Here's what my service manual says use this information at your peril:
The single phase charging system found on inline engines provides basic battery maintenance. Single Phase, full wave systems like these are found on a variety of products.
The charging system produces electricity by moving a magnet past a fixed coil. Alternating current is produced by this method. Since a battery cannot be charged by AC, the AC current produced by the lighting coil is rectified or changed into DC to charge the battery.
To control the charging rate an additional device called a regulator is used. When the battery voltage reaches 14.6 volts the regulator sends the excess current to ground, this prevents the battery from over charging.
The charging system consists of the following devices:
Flywheel containing magnets
The Lighting coil or alternator coil
The battery, fuse assembly and wiring
The lighting coil is usually a bright exposed copper wire with lacquer type coating, Lighting coils are built in with the ignition coils on some models and the whole assembly must be replaced.
In the charging system the rectifier/regulator is the most difficult item to trouble shoot. You can avoid troubleshooting the regulator/rectifier by checking around it.
Cheek the AC voltage output of the lighting coil, if the AC voltage is low check the charge coil for the correct resistance and insulation to ground.
If these check ok measure the resistance of the Black wire from the rectifier/regulator to ground for and for proper voltage output on the red wire coming from the rectifier/regulator to the battery. If all the above check with in specification replace the rectifier/regulator and verify the repair by performing a charge rate test.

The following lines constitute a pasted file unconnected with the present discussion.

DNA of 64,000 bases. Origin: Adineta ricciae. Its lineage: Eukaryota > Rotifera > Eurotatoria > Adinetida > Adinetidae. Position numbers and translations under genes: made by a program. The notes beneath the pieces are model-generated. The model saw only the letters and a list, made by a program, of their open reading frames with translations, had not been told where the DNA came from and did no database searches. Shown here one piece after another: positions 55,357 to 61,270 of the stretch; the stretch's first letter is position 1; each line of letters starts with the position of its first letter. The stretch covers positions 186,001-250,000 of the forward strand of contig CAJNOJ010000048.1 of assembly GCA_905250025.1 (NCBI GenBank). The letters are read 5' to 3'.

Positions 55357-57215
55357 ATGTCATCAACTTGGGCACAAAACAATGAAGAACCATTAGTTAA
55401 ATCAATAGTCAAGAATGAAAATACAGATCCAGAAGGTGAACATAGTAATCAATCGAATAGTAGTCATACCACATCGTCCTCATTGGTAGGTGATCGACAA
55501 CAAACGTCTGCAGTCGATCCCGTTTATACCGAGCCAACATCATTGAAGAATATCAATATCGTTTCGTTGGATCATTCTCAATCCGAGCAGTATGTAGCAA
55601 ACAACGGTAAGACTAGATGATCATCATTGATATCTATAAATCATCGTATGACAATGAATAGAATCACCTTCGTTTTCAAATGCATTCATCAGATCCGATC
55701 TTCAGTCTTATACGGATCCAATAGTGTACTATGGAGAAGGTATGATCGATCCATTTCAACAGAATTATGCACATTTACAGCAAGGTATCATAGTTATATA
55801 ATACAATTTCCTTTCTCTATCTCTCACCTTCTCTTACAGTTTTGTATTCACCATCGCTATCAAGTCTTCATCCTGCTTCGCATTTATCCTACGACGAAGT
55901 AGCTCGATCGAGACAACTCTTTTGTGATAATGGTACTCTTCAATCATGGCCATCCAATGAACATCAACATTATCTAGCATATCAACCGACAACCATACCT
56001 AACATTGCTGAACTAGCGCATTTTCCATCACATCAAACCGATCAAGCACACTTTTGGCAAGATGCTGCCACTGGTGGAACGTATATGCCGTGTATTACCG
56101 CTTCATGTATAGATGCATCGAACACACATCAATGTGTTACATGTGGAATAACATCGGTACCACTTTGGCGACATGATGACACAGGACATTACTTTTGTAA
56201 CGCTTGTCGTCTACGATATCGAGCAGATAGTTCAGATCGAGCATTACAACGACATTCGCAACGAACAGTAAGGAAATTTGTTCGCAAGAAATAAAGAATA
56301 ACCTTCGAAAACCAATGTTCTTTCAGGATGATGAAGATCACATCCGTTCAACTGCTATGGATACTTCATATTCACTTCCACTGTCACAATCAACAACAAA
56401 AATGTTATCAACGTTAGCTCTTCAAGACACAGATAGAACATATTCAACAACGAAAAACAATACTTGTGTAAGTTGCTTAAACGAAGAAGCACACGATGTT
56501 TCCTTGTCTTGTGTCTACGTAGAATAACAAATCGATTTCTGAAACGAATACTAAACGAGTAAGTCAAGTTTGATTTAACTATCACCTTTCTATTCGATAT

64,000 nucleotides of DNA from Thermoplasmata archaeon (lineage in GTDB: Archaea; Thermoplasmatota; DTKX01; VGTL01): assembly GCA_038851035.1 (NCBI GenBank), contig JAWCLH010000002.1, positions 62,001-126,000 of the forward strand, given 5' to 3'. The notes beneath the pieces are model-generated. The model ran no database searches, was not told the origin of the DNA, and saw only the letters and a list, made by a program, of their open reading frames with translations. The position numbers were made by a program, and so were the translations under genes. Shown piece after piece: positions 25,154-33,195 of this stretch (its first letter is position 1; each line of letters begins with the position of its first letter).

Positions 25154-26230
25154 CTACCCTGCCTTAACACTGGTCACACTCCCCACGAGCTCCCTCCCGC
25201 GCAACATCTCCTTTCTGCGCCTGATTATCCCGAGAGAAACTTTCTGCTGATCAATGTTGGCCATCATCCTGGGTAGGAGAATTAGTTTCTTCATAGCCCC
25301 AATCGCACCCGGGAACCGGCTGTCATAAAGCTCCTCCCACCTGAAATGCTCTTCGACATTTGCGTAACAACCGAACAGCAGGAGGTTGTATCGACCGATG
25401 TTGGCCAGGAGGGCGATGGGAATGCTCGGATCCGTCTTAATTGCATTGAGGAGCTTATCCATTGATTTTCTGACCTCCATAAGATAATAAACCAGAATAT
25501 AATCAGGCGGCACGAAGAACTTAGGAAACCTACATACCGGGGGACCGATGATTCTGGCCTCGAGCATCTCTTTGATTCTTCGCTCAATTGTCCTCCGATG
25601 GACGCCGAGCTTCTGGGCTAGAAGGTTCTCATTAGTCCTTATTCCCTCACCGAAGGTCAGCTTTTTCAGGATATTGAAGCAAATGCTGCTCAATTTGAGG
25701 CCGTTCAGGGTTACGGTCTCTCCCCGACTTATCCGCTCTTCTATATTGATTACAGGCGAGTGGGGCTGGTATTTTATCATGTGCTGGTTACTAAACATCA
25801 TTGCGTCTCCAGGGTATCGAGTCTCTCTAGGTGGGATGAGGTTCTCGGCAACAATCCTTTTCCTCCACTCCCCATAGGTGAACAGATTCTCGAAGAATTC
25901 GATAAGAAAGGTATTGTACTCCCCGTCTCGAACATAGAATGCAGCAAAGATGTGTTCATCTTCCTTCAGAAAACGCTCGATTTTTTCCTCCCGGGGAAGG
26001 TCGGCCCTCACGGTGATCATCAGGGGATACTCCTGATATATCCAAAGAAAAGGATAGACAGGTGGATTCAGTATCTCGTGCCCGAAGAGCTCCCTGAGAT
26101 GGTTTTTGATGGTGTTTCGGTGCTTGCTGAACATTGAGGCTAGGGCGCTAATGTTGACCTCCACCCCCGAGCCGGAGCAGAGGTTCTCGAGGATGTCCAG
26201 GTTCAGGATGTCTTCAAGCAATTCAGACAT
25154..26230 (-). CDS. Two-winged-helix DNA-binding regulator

A thorough, systematic approach to troubleshooting will pay big rewards; build your troubleshooting check list with the most likely offenders at the top.
Do not be tempted to throw parts at a problem with out systematically troubleshooting first.
1. Do a visual check of the wiring and fuses; Are there any new additions to the wiring? A good clue might be "Everything was working OK until I added that well Pump".
2. Test battery.. Well you have a new one..
3. Perform a fuse and red wire check with the voltmeter. Verify the ground at the rectifier. Do you have 12 volts and a good fuse? While you are at the Red wire, check the alternator output with an ammeter. Be sure the battery is down around 12 volts (not sure why)
4. Put a test lamp or ammeter inline with everything turned off and look for a draw.
5. The electrical system cannot keep up with demand. Do a consumption survey.
6. Go to the Source. Check the lighting coil for resistance and shorts to ground
7. If all these tests fail to pin point the problem and you have verified low or no output to the battery then replace the rectifier.
Donít blame me if you replace the rectifier and itís still not charging